September 2009
Volume 50, Issue 9
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Visual Psychophysics and Physiological Optics  |   September 2009
Guttman Scale Analysis of the Distance Vision Scale
Author Affiliations
  • Vijaya K. Gothwal
    From the National Health and Medical Research Council (NH&MRC) Centre for Clinical Eye Research, Department of Ophthalmology, Flinders Medical Centre and Flinders University of South Australia, Bedford Park, South Australia, Australia;
    Meera and L. B. Deshpande Centre for Sight Enhancement, Vision Rehabilitation Centres, L. V. Prasad Eye Institute, Hyderabad, India;
  • Thomas A. Wright
    From the National Health and Medical Research Council (NH&MRC) Centre for Clinical Eye Research, Department of Ophthalmology, Flinders Medical Centre and Flinders University of South Australia, Bedford Park, South Australia, Australia;
  • Ecosse L. Lamoureux
    Centre for Eye Research Australia, University of Melbourne, Victoria, Australia;
    Vision CRC, Sydney, Australia; and
    Singapore Eye Research Institute, Singapore National Eye Centre, Singapore.
  • Konrad Pesudovs
    From the National Health and Medical Research Council (NH&MRC) Centre for Clinical Eye Research, Department of Ophthalmology, Flinders Medical Centre and Flinders University of South Australia, Bedford Park, South Australia, Australia;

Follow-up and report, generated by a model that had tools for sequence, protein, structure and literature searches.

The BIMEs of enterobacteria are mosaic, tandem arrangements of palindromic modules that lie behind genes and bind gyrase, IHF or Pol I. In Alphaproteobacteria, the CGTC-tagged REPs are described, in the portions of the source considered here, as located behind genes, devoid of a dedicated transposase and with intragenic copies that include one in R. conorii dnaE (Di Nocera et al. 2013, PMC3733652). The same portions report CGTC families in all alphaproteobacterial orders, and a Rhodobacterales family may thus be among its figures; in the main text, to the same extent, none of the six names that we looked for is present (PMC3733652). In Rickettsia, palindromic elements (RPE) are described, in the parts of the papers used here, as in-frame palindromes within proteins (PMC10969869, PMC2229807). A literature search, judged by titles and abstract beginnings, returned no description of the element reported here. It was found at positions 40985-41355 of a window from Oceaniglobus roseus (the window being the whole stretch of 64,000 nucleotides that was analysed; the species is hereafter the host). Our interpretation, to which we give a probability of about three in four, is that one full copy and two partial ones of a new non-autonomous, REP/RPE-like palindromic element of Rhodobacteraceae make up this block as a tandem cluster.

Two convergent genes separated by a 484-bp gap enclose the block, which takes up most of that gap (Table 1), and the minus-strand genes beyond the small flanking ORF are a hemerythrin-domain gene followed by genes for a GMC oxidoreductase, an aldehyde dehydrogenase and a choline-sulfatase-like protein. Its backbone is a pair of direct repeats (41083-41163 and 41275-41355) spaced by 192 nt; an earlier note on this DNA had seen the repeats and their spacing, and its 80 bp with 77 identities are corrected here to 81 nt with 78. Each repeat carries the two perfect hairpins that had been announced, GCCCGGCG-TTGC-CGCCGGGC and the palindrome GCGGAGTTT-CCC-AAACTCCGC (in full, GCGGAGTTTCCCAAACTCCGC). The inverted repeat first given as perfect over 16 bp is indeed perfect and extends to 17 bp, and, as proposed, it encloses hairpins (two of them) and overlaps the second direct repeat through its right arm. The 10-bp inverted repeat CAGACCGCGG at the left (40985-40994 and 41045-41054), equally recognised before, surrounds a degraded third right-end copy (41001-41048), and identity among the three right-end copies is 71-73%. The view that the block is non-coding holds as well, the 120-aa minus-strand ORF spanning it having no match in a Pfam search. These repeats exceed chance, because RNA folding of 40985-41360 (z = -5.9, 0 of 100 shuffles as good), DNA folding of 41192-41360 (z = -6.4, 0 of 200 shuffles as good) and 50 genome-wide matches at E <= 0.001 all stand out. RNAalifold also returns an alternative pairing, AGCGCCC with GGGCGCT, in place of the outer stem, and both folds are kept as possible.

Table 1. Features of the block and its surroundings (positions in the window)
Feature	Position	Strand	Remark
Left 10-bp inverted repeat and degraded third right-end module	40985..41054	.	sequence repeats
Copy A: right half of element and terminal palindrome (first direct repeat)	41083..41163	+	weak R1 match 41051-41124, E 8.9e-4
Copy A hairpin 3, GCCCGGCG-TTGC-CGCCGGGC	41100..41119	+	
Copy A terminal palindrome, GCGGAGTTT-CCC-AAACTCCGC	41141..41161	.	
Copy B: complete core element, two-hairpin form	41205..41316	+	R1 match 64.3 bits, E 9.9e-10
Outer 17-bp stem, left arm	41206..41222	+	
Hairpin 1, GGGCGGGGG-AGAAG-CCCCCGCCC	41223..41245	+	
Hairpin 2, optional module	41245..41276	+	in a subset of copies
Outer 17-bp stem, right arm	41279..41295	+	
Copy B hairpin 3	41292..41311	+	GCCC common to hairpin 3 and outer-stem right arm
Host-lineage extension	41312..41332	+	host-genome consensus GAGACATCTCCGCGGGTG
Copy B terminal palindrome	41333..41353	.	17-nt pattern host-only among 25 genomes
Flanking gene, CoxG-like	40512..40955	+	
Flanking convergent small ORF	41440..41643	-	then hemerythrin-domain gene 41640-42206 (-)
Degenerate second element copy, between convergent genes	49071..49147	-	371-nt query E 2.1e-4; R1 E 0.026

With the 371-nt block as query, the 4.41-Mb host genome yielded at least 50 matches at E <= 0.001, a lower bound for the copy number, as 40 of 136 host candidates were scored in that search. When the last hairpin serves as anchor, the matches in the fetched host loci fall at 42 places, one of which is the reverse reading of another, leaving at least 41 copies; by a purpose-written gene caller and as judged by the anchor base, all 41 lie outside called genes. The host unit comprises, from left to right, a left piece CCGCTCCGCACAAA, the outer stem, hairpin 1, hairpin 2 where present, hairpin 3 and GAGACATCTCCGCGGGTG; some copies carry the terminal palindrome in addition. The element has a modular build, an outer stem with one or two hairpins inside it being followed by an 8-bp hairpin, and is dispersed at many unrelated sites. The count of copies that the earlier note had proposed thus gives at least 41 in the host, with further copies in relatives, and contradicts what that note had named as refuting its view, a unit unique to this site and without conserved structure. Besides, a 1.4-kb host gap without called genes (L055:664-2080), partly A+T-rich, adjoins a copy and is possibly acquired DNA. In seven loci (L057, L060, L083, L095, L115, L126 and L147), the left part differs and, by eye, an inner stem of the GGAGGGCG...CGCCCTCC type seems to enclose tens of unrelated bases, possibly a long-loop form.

Investigative Ophthalmology & Visual Science September 2009, Vol.50, 4496-4501. doi:10.1167/iovs.08-3330
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      Vijaya K. Gothwal, Thomas A. Wright, Ecosse L. Lamoureux, Konrad Pesudovs; Guttman Scale Analysis of the Distance Vision Scale. Invest. Ophthalmol. Vis. Sci. 2009;50(9):4496-4501. doi: 10.1167/iovs.08-3330.

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      © ARVO (1962-2015); The Authors (2016-present)

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Abstract

purpose. The Distance Vision Scale (DVS) is a self-assessment of visual acuity (VA). Like VA testing in which letter reading becomes progressively difficult through the test, DVS questions have a hierarchy of difficulty (Guttman scale). The aims were to determine whether the DVS fulfills Guttman scaling criteria and to test the relationship between DVS score and VA in a cataract population.

methods. Responses of 113 participants to the DVS were subjected to Guttman analysis. Standard criteria of scalability were evaluated that included the coefficient of reproducibility (CR), minimal marginal reproducibility (MMR), and coefficient of scalability (CS). The relationship between total item score and binocular visual acuity was determined.